BY CATHLIN FITZGERALD (PT & DPT)
Over the past few weeks, as we’ve all settled into social distancing and working from home, a lot of people have shared that they have had trouble structuring their days. They’re either working way too much or not a lot at all and are unsure of what to do when.
So first let me start by saying any approach you are taking right now is fine. If doing the basic necessities to get by for the day is all that you can or want to handle, that is perfectly ok. I’m sure many of you are stressed about your health, maybe the security of your job, and a million other things. That takes its toll. There is no rulebook or guideline for this situation. We are all doing the best we can.
Now, for those of you that want structure, I’m going to provide a few ideas. Fortunately, I’ve already had practice with this after I was stuck at home post-op in January and early February. These are some things that worked for me and hopefully, they’ll be able to help some of you.
The number one thing I can recommend is to go to bed “on time”. Maybe that means staying up a bit later because you’ll be sleeping in a little without your commute, but overall try to stick to your schedule. Sleep is crucial for our physical and mental health. It can be easy to slip into staying up super late (“it doesn’t matter, I’m not going anywhere tomorrow anyway”), but the best quality of sleep for us humans happens between 8 pm and midnight.
Secondly, try to front-load the day. Get that hardest part of your work done early in the day. Our brains function best early, and our decision-making skills drop off later in the day, especially if we’re already in a strange work environment (living room? bedroom? kitchen?).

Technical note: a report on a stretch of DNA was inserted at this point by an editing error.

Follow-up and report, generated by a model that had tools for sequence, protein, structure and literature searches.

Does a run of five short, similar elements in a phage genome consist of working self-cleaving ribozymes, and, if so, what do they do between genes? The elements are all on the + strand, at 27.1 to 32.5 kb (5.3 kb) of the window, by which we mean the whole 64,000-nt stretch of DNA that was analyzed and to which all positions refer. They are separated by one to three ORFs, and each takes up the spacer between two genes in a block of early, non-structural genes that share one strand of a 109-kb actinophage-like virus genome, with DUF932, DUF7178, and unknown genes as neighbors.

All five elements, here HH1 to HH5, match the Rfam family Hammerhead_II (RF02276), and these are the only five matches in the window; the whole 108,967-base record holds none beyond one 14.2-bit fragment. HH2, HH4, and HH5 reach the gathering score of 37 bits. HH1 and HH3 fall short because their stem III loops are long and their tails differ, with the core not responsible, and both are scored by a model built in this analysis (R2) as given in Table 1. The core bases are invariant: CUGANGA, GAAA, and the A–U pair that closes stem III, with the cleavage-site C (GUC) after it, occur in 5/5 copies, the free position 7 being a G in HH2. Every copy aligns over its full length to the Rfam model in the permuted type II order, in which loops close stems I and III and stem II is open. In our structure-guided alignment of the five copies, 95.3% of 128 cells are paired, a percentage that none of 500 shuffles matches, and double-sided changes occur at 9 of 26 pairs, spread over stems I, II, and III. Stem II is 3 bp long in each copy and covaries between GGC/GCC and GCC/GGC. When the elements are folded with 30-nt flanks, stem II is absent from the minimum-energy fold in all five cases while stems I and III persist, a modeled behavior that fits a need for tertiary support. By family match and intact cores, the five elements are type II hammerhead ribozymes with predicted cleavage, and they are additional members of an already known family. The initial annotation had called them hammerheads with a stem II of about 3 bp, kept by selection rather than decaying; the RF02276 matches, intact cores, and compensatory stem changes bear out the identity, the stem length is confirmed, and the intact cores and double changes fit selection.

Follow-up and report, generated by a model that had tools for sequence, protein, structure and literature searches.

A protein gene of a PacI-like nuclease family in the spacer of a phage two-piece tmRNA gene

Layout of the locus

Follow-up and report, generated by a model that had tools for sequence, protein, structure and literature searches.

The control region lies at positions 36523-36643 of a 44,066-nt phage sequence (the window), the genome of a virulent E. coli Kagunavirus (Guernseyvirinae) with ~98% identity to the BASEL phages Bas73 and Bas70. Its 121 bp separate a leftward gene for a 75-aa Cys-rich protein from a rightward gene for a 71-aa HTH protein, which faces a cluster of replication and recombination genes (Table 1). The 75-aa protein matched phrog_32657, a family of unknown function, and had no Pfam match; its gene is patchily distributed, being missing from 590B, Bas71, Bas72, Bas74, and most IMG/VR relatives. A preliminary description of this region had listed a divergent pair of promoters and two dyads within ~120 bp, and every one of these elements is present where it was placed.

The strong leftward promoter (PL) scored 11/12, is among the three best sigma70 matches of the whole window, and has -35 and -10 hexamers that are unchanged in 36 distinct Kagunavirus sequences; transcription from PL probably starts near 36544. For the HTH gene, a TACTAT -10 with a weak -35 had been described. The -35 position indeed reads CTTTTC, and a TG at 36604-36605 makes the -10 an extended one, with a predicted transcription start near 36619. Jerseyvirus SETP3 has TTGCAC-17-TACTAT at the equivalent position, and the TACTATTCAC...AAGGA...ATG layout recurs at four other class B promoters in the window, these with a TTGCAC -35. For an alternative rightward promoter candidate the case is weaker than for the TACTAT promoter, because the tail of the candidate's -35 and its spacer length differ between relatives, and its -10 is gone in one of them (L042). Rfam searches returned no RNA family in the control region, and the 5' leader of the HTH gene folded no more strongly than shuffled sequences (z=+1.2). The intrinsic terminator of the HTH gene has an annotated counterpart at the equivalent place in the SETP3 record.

Set an end time for work. It is so easy to get caught up, especially in crisis mode, that you are never shutting off–either literally or figuratively. Set a hard stop time for work. It will still be there tomorrow. This whole thing is a marathon, not a sprint. Don’t burn yourself out in the first couple weeks just to be staring down a longer period of time stuck in the same situation.
Take a run or workout break before lunch. When else do you have the opportunity to do this regularly? Save the brainpower for the hard stuff in the morning, and then break it up with workout midday. At the end of the “workday” add a fun transition to get out of work mode. Virtual happy hours have become the norm, and I’ve seen a few dance parties happening!
In terms of planning ahead, take it in as many “chunks” of time as you won’t–think about a week at a time, a day, whatever works for you. Until about two days ago I was taking it a day at a time. Now I feel ready to think and plan a week at a time. Try different strategies and see what you like!